Jailbreaking Has Been Important To Android and Even More so For iPhone
Android isn't open. Let's put that issue to bed. What is awesome about Android is that programmers have access to the various builds that allow the community to build on top of it or, in some instances, stripping away skins that are for the most part, unwanted and give users something to rail about on their blogs or in forums.
Once stripped, the native OS became more useful, faster, and took up smaller amounts of foot print. Take my G1, it's running a customized Android 2.2. This is a device that was left for dead by Google and T-Mobile. This is the maiden device that introduced the world to all that is cool and great about Android.
And jailbreaking or rooting isn't just Android. iPhone unlocking and jailbreaking is fast becoming an American geek past-time and, for a while, turned into a must-see cat-and-mouse game between Apple and a few determined hackers that are determined to pry open the walled garden.
And though Apple would never admit it, I think more than a few at Apple are happy that the home team lost. This is especially evident in the iOS 5 where a couple of keep features like notifications came through as a JB feature.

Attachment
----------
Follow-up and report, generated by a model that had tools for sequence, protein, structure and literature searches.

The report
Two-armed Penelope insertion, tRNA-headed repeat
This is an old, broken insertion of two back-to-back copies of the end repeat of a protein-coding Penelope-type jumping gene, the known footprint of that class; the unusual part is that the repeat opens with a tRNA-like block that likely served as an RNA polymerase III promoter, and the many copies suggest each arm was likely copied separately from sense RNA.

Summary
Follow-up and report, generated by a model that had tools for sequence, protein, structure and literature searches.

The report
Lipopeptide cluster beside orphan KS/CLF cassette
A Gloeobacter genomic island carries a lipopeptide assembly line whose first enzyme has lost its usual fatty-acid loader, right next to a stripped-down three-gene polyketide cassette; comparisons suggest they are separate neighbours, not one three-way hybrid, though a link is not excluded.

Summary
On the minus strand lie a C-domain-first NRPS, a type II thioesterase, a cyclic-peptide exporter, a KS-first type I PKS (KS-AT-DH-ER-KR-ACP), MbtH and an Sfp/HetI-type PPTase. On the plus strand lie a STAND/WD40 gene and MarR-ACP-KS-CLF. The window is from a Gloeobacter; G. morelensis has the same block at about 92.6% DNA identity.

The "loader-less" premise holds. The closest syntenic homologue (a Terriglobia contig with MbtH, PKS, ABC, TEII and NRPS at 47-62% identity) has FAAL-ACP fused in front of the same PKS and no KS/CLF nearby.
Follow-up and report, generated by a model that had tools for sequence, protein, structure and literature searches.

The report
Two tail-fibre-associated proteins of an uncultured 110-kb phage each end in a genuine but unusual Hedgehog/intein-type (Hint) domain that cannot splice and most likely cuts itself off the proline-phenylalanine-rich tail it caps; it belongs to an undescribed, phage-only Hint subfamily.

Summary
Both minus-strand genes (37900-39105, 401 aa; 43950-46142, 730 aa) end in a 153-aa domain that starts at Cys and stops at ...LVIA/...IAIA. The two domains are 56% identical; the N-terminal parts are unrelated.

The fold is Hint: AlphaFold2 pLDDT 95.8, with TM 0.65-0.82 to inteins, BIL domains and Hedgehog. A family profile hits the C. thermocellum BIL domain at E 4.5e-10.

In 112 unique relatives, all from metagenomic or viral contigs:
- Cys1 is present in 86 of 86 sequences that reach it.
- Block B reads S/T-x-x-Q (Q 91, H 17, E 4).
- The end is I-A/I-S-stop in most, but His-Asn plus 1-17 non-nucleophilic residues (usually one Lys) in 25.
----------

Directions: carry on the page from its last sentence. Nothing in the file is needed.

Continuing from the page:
And then take WhiteD00r. Those are zeros, no "o". After Apple has abandoned the iPhone 2G and iPhone 3G, this group of hardworking folks has found a way to give these older but still awesome iPhones new life – multitasking and folders quickly comes to mind but with also many missing features enjoyed by only by the latest and greatest, the iPhone 4.
If I'm Apple, I would hire this group of programmers in a heart beat.
So as much as the carriers and device makers want to pretend these under-the-radar don't exist, they cannot ignore the impact that they have had on their mobile platforms. And, I cannot wait until Honeycomb and iOS 5 gets their turn.